My itinerary this time goes like this: Beijing→Dandong→Shinuiju→Pyongyang→Panmunjeom→Mt. Myohyang→Shinjiju→Dandong→Dalien→Weihai, and back to Beijing. Returning home after riding the train for about 15 minutes from Beijing Station, I feel exhausted.
I’d wanted to visit North Korea since a year ago. It was because I wanted to see the Arirang Mass Games. North Korea is a curious nation; on the streets I saw letters I didn’t know the meaning of. At the time, I was unable to understand any of the North Korean language, but now I can roughly understand what they are saying on the news. North Korea reminded me of pre-reform China, and it felt as though I had traveled back in time.
Restrained from taking certain actions, I was quite frustrated during my three nights and four days of travel.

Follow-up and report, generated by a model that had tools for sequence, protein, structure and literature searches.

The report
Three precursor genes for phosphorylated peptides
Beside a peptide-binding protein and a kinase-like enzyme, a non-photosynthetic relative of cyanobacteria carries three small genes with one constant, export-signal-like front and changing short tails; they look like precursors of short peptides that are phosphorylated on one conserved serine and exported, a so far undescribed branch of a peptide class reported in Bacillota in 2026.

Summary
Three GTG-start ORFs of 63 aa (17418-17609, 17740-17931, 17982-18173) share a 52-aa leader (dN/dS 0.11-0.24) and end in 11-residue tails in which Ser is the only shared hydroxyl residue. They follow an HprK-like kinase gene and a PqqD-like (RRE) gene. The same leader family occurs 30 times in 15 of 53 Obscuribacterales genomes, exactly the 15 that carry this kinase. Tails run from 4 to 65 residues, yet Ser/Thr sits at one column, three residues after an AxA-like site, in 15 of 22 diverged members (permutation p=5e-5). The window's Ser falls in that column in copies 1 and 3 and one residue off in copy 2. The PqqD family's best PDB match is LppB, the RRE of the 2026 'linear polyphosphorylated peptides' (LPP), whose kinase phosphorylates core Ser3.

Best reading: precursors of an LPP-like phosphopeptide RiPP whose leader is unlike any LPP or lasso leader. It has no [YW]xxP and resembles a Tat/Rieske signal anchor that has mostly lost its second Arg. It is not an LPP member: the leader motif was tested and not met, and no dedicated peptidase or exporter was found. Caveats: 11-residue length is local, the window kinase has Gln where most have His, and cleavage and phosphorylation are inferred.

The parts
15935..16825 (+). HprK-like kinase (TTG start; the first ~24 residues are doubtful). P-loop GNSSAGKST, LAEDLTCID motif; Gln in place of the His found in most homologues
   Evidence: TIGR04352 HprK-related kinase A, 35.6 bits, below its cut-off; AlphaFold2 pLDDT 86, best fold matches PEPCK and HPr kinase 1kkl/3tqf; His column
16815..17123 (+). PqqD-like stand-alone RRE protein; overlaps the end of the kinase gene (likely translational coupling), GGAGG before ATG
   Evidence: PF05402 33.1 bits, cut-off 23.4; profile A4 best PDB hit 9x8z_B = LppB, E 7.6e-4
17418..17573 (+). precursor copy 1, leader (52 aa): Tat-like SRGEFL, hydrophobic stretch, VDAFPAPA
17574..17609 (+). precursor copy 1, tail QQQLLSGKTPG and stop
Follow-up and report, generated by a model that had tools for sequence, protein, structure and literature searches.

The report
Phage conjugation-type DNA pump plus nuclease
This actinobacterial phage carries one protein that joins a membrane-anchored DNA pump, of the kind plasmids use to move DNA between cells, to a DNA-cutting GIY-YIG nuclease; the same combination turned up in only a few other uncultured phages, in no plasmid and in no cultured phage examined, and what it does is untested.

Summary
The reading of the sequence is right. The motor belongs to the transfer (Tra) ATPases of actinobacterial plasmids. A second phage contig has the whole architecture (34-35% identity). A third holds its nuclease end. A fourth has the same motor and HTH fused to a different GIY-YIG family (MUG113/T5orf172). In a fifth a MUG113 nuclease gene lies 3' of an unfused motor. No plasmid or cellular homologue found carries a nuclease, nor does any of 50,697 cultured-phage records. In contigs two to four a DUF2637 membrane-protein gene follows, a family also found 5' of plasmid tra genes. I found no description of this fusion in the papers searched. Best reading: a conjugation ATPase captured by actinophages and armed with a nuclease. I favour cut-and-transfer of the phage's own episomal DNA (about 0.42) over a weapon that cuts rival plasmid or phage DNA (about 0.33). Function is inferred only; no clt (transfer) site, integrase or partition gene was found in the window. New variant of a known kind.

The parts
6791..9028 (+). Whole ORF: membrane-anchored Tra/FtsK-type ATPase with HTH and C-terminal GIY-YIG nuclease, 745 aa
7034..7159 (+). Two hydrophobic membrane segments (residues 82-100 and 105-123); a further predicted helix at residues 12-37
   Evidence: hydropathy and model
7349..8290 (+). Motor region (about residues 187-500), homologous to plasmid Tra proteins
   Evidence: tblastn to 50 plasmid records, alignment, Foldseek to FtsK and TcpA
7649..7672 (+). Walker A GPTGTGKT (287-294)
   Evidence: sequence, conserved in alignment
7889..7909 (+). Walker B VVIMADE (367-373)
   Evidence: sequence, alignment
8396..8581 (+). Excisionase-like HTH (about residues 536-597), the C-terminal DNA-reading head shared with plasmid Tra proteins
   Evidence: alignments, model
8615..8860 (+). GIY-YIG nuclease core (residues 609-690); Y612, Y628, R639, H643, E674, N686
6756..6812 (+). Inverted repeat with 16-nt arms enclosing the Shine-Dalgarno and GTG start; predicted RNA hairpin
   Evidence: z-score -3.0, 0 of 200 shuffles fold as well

When riding the train in North Korea, one must carry a letter of introduction from a national organization or the Party. Once aboard, one must show the attendant the letter, the train ticket, and identification. However, there was nobody directly in charge of monitoring the tourists. Although I mustn’t forget to mention that I did have two North Korean guides sitting right beside me.
I took a lot of pictures secretly during the trip. By the time I got back to China, my two memory cards were full to the brim. Most of the pictures were taken with a small digital camera. I had been told by a guide I would not be given the opportunity to use a real digital camera.
Upon leaving Shinuiju, border security was tighter. The North Korean official ran a thorough check, even going as far as checking my pants, as if he were the proctor at a college entrance examination. So I first hid my memory cards. The official went through my bag, and proceeded to check on the legitimate pictures I had taken with my analog camera. But he didn’t search the digital camera holder. In my view, it seemed as if he did not know what it was for.